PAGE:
Correlates of caregiver-rated quality of life in assisted living: The Maryland assisted living study

Quincy M. Samus, Adam Rosenblatt, Chiadi Onyike, Cynthia Steele, Alva Baker, Michael Harper, Jason Brandt, Lawrence Mayer, Peter V. Rabins, Constantine G. Lyketsos

Research output: Contribution to journalArticlepeer-review

25 Scopus citations


We used a cross-sectional study to examine the correlates of caregiver-rated quality of life (QOL) in 198 randomly selected residents from a stratified random sample of 22 assisted living facilities in central Maryland. We measured QOL by using the Alzheimer's Disease-Related Quality of Life Questionnaire. In general, despite cognitive impairment, residents in assisted living were rated as having a high QOL. In a multivariate regression, we found that nonmood neuropsychiatric symptoms were the strongest correlate of QOL, explaining 37% of the variance. Depressive symptoms, functional dependence, marital status, and cognition also contributed to the model, but only minimally. Because of the strong association of neuropsychiatric symptoms with QOL, special attention should be given to their recognition and amelioration.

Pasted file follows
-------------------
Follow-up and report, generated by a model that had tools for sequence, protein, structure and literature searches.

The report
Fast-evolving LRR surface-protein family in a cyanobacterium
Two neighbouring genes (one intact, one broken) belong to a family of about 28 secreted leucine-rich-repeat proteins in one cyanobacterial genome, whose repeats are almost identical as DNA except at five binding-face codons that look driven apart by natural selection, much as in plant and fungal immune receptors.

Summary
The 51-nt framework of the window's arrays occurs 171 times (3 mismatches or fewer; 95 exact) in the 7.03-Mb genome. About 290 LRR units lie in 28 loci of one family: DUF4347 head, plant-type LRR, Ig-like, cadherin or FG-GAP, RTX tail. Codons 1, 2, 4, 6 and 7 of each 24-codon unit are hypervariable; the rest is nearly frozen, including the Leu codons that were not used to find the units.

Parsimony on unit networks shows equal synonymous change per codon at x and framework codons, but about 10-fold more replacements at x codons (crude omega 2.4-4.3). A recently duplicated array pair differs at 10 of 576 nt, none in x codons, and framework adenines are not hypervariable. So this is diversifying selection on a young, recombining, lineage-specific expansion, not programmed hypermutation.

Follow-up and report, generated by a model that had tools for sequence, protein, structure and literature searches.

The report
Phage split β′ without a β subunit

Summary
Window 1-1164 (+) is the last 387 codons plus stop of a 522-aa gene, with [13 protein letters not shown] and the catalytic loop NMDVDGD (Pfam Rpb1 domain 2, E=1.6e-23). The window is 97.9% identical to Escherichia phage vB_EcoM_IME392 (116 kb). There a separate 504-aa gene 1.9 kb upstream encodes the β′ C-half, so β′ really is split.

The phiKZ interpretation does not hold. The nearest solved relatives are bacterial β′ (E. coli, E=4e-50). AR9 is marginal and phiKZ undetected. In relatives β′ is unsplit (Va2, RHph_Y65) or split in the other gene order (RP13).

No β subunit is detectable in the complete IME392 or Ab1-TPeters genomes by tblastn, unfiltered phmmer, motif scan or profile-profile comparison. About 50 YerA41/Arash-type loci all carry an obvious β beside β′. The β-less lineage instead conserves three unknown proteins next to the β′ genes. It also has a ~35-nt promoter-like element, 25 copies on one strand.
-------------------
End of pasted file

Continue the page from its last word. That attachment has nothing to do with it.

Original languageEnglish (US)
Pages (from-to)P311-P314
JournalJournals of Gerontology - Series B Psychological Sciences and Social Sciences
Issue number5
StatePublished - Sep 2006
Externally publishedYes

ASJC Scopus subject areas

  • Health(social science)
  • Sociology and Political Science
  • Life-span and Life-course Studies


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